Lawrence Village Mayor Martin Oliner and his companies have submitted plans to the city of Boston to rebuild two piers that Massachusetts officials say are badly in need of repairs, a spokeswoman for the Boston mayor’s office said.
Oliner is the sole manager of two companies that own a pair of piers at the Charlestown Navy Yard that city and state officials say are in a dangerous state of disrepair. The Massachusetts attorney general on Aug. 1 filed a request for an injunction to order the piers to be fixed.
Oliner this week submitted replacement plans to Boston’s Conservation Commission, the spokeswoman for Boston Mayor Thomas M. Menino said Wednesday. The plans have not yet been reviewed by city staff, the spokeswoman said.
The Conservation Commission could consider the plans at its Sept. 4 meeting if city staff determine them to be complete, the spokeswoman said. An earlier set of replacement plans submitted by Oliner were incomplete, city officials have said.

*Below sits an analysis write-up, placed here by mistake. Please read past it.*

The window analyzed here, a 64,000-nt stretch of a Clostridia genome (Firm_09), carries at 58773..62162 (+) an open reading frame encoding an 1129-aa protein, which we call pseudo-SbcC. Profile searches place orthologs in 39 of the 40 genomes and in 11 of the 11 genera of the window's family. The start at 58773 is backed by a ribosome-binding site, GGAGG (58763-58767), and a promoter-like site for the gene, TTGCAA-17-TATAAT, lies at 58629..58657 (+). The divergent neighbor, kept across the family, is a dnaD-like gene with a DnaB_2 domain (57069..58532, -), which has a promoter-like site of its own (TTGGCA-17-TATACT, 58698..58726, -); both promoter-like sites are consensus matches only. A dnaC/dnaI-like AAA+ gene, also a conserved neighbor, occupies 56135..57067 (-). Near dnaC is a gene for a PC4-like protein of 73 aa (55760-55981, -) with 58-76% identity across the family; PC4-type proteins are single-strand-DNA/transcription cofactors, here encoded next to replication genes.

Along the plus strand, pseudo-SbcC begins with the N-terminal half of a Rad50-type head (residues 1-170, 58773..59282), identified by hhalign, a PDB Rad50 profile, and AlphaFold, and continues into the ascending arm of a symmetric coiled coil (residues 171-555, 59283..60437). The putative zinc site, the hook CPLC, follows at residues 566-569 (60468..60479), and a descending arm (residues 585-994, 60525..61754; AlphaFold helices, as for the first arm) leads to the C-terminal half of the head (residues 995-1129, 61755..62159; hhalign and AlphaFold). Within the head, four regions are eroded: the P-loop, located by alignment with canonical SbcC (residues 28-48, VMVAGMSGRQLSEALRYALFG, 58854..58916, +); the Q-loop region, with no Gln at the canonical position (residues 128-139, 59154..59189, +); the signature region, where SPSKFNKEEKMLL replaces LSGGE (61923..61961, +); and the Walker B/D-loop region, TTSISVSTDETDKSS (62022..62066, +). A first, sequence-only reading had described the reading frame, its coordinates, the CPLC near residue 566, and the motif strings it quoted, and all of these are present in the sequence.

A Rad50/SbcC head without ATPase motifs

Oliner has said the replacement could cost up to $5 million.
Suffolk Superior Court Justice Elizabeth M. Fahey is still considering Massachusetts Attorney General Martha Coakley’s request for an injunction. Fahey issued an order on Aug. 8 that temporarily enforced the injunction until she makes a ruling.
Coakley also has filed a lawsuit seeking more than $10 million in civil penalties from Oliner and the two companies for violating the state’s Waterways Act. The case is scheduled to resume in Superior Court on Sept. 9.